As described elsewhere , the color of each plaque indicates if lesion repair does (dark blue) or does not (light blue) occur before the viral DNA serves as a genetic code. If the lesion is repaired to guanine before transcription, the viral DNA will code properly for the alpha fragment of lacZ. In this case, the resulting alpha peptide of β-galactosidase will complement the omega peptide of the same protein (which is expressed from an F′ episome within the cells), promote the hydrolysis of the chromogenic substrate X-gal, and subsequently lead to the formation of a dark blue color. In contrast, if the lesion is not repaired before the viral DNA codes, only a small amount of alpha peptide will be expressed, complementation to form active β-galactosidase will be infrequent, less X-gal will be hydrolyzed, and a light blue color will result. Therefore, this assay provides a simple method by which to quantify and compare the efficiency of O6mG repair to guanine for cell strains with different genetic backgrounds. Operationally, we define percent repair as dark blue plaques divided by total plaques (dark blue + light blue) × 100.
Each plate we scored contained from ~100 to 800 plaques total, and averaged 397. The repair efficiency for each cell type was calculated in triplicate (at least), and the average and standard deviation of the replicates are reported. The number of individual transformation events was determined by dividing the number of plaques observed by the fraction of total volume plated. On average, the repair efficiency for each replicate was calculated from ~40,000 individual transformation events.
The 24 cell strains assayed for their relative rates of O6mG repair showed a wide range of MTase activity. Firstly, the data from the C215, C216, C217, and C218 parental strains (Fig. 3, black columns) demonstrate good correlation between percent repair of O6mG and MTase status of the cell. As expected, the C215 wt strain that expresses both functional methyltransferases (Ada and Ogt) shows a high amount of lesion repair (97.3 ± 0.4%). The C216 strain, which lacks the Ogt protein (but still has Ada activity), shows significantly less net MTase activity (68.4 ± 2.9%), while the C217 strain, which lacks the Ada protein, shows near wt levels of MTase repair (94.9 ± 0.7%). The asymmetry in the results for these mutants was not surprising as the normal E. coli cell contains roughly thirty Ogt molecules  and only one molecule of Ada . Therefore, cells that lack the predominant MTase under normal conditions, Ogt, were expected to display the more significant decrease in MTase activity. Accordingly, the C218 double mutant displayed results consistent with very poor repair of O6mG (6.3 ± 1.0%).
Results for the strains deficient in dam (Fig. 3, gridded columns) and mutH (Fig. 3, light gray columns) did not deviate dramatically from the values observed in the parental strains. The percent repair of O6mG in the dam− strains C215D, C216D, C217D, and C218D were 96.0 ± 0.4%, 79.7 ± 0.6%, 96.3 ± 0.7%, and 10.0 ± 2.1%, respectively. The percent repair data for C215H, C216H, C217H, and C218H mutH− strains were 96.9 ± 0.6%, 70.4 ± 1.5%, 96.3 ± 1.5%, and 6.3 ± 0.8%, respectively. These data indicate that the Dam and MutH proteins do not impact MTase repair of O6mG.
In contrast to dam− and mutH− strains, those deficient in mutS, mutL, and vsr displayed levels of O6mG repair significantly lower than those for the C215, C216, and C217 parental strains (Fig. 4). The C215S, C216S, C217S, and C218S mutS− strains (Fig. 4, white columns) exhibited percent repair efficiencies of 68.0 ± 1.0%, 43.1 ± 4.2%, 76.2 ± 1.3%, and 5.7 ± 1.1%, respectively. These values represent approximately 70%, 63%, and 80% of the C215, C216, and C217 repair observed in the three parental strains (Fig. 4, black columns), respectively. Similarly, the effect of knocking out mutL from the C215, C216, and C217 parental strains resulted in a decrease in repair to 68–76% that of wild-type. The percent repair efficiencies measured for the C215L, C216L, C217L, and C218L, mutL− strains (Fig. 4, hatched columns) were 67.4 ± 1.0%, 52.1 ± 1.1%, 64.8 ± 2.6%, and 4.7 ± 1.5%, respectively. These data shows that cells lacking MutS and MutL are less efficient at repairing O6mG by Ada or Ogt.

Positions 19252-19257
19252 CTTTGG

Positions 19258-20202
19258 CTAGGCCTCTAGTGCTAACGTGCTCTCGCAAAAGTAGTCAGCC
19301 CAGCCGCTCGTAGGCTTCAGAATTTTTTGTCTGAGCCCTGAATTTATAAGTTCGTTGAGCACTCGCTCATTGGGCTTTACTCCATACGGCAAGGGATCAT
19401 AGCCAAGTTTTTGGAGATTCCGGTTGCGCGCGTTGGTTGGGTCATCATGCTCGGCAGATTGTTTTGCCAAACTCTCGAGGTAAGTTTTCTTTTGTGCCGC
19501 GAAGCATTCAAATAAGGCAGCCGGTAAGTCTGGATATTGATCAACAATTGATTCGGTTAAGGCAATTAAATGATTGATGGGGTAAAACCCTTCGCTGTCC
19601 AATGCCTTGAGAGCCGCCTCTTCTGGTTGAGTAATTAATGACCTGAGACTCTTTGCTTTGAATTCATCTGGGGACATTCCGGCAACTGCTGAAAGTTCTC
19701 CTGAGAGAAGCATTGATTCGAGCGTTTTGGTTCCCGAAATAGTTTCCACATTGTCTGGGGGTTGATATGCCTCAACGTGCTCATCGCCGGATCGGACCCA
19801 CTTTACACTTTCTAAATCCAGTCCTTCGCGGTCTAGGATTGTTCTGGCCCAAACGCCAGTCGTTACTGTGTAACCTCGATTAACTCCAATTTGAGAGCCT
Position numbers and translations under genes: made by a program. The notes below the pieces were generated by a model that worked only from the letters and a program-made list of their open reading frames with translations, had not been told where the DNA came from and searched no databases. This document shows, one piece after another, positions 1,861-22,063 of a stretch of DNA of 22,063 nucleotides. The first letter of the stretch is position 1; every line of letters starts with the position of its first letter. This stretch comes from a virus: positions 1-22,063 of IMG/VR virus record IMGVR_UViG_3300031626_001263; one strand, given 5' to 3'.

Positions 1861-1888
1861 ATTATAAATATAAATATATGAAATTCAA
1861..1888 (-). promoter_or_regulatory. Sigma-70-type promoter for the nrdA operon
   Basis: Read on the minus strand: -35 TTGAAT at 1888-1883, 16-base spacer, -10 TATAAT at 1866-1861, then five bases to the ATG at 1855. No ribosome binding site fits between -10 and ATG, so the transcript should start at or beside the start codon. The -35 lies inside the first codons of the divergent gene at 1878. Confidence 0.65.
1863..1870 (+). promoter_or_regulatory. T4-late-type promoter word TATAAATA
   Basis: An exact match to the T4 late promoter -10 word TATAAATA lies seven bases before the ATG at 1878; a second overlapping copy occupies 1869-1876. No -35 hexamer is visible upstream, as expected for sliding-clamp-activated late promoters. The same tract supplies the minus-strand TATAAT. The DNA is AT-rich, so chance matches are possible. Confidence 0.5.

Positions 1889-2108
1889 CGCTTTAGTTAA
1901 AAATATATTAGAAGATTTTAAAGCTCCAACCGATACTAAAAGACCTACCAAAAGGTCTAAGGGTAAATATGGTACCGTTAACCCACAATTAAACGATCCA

Most interesting, the vsr− strains (Fig. 4, dark gray columns) also displayed less efficient repair of O6mG as compared to their parent strains. Knocking out vsr from the C215 background conferred an approximately 20% decrease in repair, from 97.3 ± 0.4% (C215 parent) to 77.7 ± 1.2% (C215V vsr mutant). Absence of Vsr from the MTase single knockouts, however, lowered the levels of O6mG repair more significantly. Knocking out vsr from the C216 background dropped MTase repair by ~67% of that for the parent (from 68.4 ± 2.9% to 45.8 ± 3.6%). The level of MTase repair in C217V (69.5 ± 3.5%) was ~73% of that for the parent (94.9 ± 0.7%). The repair efficiency for C218V (7.1 ± 1.2%), like that for C218S (5.7 ± 1.1%) and C218L (4.7 ± 1.5%), was statistically identical to that for the C218 parent (6.3 ± 1.0%), which lacks both the Ada and Ogt MTases.
The efficiency to which an O6mG lesion is repaired in E. coli depends on the number of MTase molecules present in the cell and the affinities of those MTases for the lesion. During exponential growth, approximately 30 molecules of Ogt  and 1 molecule of Ada  are present. On this basis, we expected to observe a more dramatic decrease in repair in cells lacking Ogt (C216) as compared to the cells lacking Ada (C217). Data for the parental strains verify that the repair efficiency of the C216 strain is indeed lower than for the C217 strain. However, the affinity of O6mG for Ada is greater than that for Ogt , and therefore the difference in repair observed for the ada and ogt mutants reflects multiple parameters. We therefore decided to group the repair efficiencies according to the MTase background of the parent cell.